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US durable goods orders rise as expected in March, details weaker

By Alexander Bueso

Date: Wednesday 24 Apr 2024

US durable goods orders rise as expected in March, details weaker

(Sharecast News) - Orders in the U.S. for goods made to last more than three years rose by slightly more than expected last month.
Yet the details of the report were noticeably weaker.

According to the U.S. Department of Commerce, in seasonally adjusted terms durable goods orders grew at a month-on-month pace of 2.6% in March (consensus: 2.5%).

However, the prior month's gains was revised lower, from a preliminary print of 1.4% to 0.7%.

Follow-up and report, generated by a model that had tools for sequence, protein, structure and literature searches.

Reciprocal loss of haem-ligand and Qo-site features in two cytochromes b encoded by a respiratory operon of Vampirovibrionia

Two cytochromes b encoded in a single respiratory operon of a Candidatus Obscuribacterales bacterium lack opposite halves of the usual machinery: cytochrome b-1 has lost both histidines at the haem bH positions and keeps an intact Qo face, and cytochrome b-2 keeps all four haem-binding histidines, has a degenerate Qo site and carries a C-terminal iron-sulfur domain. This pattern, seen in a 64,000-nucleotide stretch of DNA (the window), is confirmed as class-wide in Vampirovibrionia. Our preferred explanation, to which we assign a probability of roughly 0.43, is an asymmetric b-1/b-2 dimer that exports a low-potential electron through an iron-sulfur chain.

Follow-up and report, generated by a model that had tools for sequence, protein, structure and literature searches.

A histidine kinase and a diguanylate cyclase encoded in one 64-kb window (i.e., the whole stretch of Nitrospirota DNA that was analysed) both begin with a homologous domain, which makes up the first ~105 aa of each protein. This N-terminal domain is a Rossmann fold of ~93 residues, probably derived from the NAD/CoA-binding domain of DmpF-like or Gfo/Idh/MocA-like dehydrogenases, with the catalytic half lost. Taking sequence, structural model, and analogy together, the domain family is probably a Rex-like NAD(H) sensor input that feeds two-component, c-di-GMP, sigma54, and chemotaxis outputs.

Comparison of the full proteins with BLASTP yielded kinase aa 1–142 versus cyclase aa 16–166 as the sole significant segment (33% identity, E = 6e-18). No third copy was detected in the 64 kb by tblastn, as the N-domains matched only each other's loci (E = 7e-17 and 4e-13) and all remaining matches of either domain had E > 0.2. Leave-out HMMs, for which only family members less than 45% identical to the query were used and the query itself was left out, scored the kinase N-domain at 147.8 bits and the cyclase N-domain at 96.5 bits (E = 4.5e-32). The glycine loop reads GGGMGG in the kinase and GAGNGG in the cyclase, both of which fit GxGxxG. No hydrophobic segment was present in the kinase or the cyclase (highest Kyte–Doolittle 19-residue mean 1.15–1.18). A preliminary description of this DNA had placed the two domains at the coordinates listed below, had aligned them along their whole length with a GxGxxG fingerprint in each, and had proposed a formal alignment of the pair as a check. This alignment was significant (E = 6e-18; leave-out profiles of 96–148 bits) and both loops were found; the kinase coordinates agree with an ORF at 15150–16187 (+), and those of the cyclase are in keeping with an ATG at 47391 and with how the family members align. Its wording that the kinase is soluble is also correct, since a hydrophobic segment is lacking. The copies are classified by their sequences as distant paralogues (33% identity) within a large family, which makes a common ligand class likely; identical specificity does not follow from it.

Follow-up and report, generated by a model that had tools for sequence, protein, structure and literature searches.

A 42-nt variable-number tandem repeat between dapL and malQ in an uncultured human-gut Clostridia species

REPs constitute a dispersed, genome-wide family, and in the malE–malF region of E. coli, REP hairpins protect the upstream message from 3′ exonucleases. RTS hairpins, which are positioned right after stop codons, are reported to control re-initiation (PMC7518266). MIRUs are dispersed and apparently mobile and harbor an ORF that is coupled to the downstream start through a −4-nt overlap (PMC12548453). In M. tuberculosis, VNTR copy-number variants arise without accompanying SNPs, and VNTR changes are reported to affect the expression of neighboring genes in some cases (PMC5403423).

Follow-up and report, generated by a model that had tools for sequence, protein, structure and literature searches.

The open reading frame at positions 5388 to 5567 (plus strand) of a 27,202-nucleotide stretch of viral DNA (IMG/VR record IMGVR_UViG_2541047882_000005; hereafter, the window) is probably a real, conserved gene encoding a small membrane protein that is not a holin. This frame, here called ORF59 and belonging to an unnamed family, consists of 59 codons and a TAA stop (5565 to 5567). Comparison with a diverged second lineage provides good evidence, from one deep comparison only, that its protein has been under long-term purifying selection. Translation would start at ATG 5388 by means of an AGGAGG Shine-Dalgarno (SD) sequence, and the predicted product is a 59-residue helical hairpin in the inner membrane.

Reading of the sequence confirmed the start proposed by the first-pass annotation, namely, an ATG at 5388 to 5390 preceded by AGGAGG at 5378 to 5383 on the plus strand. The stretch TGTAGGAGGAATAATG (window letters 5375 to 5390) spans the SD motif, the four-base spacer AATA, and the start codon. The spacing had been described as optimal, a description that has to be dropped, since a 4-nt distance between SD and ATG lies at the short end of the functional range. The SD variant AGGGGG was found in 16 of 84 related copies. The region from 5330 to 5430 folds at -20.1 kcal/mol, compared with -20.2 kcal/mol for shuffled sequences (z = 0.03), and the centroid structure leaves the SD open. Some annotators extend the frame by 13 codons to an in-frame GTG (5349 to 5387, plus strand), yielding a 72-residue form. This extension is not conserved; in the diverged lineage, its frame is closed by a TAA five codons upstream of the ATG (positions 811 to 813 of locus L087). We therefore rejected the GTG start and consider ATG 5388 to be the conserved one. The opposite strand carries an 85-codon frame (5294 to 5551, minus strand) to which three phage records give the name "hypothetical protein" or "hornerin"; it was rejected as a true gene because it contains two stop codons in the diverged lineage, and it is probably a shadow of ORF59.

Furthermore, the lion's shares of March's increased was the result of a 31% jump in orders for Boeing aircraft.

Indeed, excluding the entire transportation sector, then total orders were up by only 0.2% over the month in March and by 0.1% in February.

Orders for capital goods excluding civilian aircraft and defence, which are considered a good gauge of underlying trends in investment, were ahead by just 0.2%.

Commenting on the latest figures, Bernard Yaros, Lead U.S. economist at Oxford Economics, told clients: "If our real-time tracker of real equipment spending is correct, it would mark the sharpest decline since Q3 2021 and the third quarterly drop in a row.

"We still look for real equipment spending to record subdued growth this year and accelerate meaningfully in 2025."

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